San Antonio’s 125th Anniversary of FIESTA

The city’s biggest party has a past

By Julie Catalano :: Photography courtesy of Fiesta San Antonio Commission

It all started in 1891, when a group of ladies led by  Ellen Maury Slayden, wife of congressman James L. Slayden, decided that a good way to honor the heroes of the battles of the Alamo and San Jacinto would be to hold a parade. The enterprising group decorated horse-drawn carriages, bicycles, rudimentary floats and their own children in flower themes, circling Alamo Plaza while pelting one another with blooms. The Battle of Flowers parade was born.

The event was such a hit that early San Antonians did what modern-day San Antonians are still doing  —  they expanded it. Soon there was a carnival, parties, pretend royalty, food, fairs and dancing in the streets. Sound familiar?

Now eleven days long and more than 100 events strong, the city’s biggest blowout marks its 125th anniversary from April 14-24, 2016. (Although there haven’t been 125 actual Fiestas — from 1942-45 the event was suspended but efforts remained in place to make sure it continued after WWII.)

By 1896 the first Fiesta Queen was chosen, but it was three years before the queen got a jeweled crown, a gift from Russian immigrant and jeweler Eli Hertzberg.

In 1909, transplanted Virginian John Baron Carrington, executive secretary of the San Antonio Chamber of Commerce, founded the Order of the Alamo, an all-male organization in charge of the official queen’s revamped and upgraded coronation. Her court consists of a princess, 12 in-town duchesses and another dozen from out of town. Queens serve for only one year, the exception being Alamo patron Clara Driscoll who held on to her crown for three years (1904-06) before the rule was changed.


The queen’s coronation is still considered the most dazzling Fiesta event, thanks to over-the-top gowns boasting thousands of jewels, beads, sequins, feathers and more, worn by the court in an eye-popping spectacle held amid the equally splendorous surroundings of the Majestic Theatre. Over the years, the courts have carried such evocative themes as the Court of Resplendent Arts, Court of Millennial Grandeur and Court of Captivating Islands, with dresses, music and staging to match the fantasy.

The enterprising Carrington continued his mission of promoting and expanding Fiesta by founding the Texas Cavaliers in 1926, primarily to honor the fallen heroes of the Alamo, but also to select perennial figurehead King Antonio from its ranks. Prior to that, early kings of Fiesta were chosen by businesses and organizations — King Selamat (tamales spelled backwards), King Omala (Alamo spelled backwards), King Cotton, Zeus and Rex. The first King Antonio, Sterling Clinton Burke, was crowned in 1927 in the first investiture ceremony which is still held in front of the Alamo on the first Saturday of Fiesta.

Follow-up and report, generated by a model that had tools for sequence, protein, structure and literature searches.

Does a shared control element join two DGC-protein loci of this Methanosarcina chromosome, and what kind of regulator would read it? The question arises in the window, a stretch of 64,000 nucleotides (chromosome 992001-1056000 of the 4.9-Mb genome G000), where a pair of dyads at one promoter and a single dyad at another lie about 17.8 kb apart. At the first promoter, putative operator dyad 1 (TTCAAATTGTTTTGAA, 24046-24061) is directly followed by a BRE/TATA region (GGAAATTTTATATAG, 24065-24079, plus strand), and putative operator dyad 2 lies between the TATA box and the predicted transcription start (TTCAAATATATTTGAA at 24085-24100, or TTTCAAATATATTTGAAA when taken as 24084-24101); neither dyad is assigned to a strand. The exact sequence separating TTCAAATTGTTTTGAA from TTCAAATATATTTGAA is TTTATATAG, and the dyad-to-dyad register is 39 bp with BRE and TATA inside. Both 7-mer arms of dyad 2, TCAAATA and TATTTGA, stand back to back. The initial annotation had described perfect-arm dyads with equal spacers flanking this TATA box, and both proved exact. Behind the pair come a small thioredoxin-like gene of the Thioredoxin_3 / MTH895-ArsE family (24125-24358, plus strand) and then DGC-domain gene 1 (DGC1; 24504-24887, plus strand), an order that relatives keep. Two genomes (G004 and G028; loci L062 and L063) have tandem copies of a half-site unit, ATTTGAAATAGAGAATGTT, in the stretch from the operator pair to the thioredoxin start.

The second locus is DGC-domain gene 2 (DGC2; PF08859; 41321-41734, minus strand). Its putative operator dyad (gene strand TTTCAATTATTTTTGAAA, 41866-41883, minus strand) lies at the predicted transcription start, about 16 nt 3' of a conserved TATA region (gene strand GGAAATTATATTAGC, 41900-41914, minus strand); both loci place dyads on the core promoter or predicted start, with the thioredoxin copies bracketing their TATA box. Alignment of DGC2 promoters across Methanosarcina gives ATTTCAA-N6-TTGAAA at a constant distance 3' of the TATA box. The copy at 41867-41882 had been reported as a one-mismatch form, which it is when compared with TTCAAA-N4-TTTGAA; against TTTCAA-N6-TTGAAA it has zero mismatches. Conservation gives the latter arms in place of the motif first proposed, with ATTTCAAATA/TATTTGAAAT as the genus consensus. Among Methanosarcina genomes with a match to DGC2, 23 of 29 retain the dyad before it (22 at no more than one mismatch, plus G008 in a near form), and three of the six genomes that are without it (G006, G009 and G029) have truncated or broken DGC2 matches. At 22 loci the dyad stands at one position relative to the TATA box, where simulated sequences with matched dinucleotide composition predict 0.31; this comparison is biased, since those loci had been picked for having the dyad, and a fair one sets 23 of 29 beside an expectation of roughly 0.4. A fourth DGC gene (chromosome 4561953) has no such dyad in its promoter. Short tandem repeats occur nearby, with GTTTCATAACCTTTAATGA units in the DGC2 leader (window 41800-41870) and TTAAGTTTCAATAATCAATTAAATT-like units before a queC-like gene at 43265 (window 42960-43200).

Rey Feo (“Ugly King”) first appeared on the scene in 1947, a symbolic “People’s King” that has its roots in Spanish medieval times when ordinary people selected one of their own. Rey Feo became an official part of Fiesta in 1980 and rides in all the parades with other royalty. Official royalty has also grown and diversified, and now includes Miss Fiesta San Antonio, the Queen of Soul, the Charro Queen and the Reina de la Feria de las Flores, who debuted in 1947 with the first Rey Feo.

With all this pomp and circumstance, it was inevitable that an irreverent take on the royal hoopla would emerge. The highly cheeky, adult-themed Cornyation dates back to 1951, skewering upper crust Fiesta royalty, local “celebrities” and politicians. It is one of the Fiesta’s hottest tickets.

Fun and frolic aside, the spirit of giving also has an enduring legacy, with millions raised for community outreach, charitable foundations, school programs, arts and sports activities, scholarships and other worthy causes. Since 1959, the Fiesta® San Antonio Commission has coordinated the massive annual undertaking, now grown to 100 nonprofit organizations and more than 75,000 volunteers, helping to generate an economic impact on the city in excess of $250 million a year.

It’s a long way from those first flower bombs at the Battle of Flowers parade, now the second largest day parade in the country (the Tournament of Roses is first), but the landmark spectacle considered to be the founding event of Fiesta is still run entirely by women volunteers — just one of the many beloved traditions of a magnificent party that will continue its rich and colorful history as long as there’s a San Antonio.

For Fiesta event calendar and ticket information,, 210.227.5191. For historical information, the San Antonio Public Library 6th Floor Texana/Genealogy Department has archived copies of Fiesta programs, Coronation Ball invitations, complete listings of Fiesta royalty and more,, 210.207.2500.


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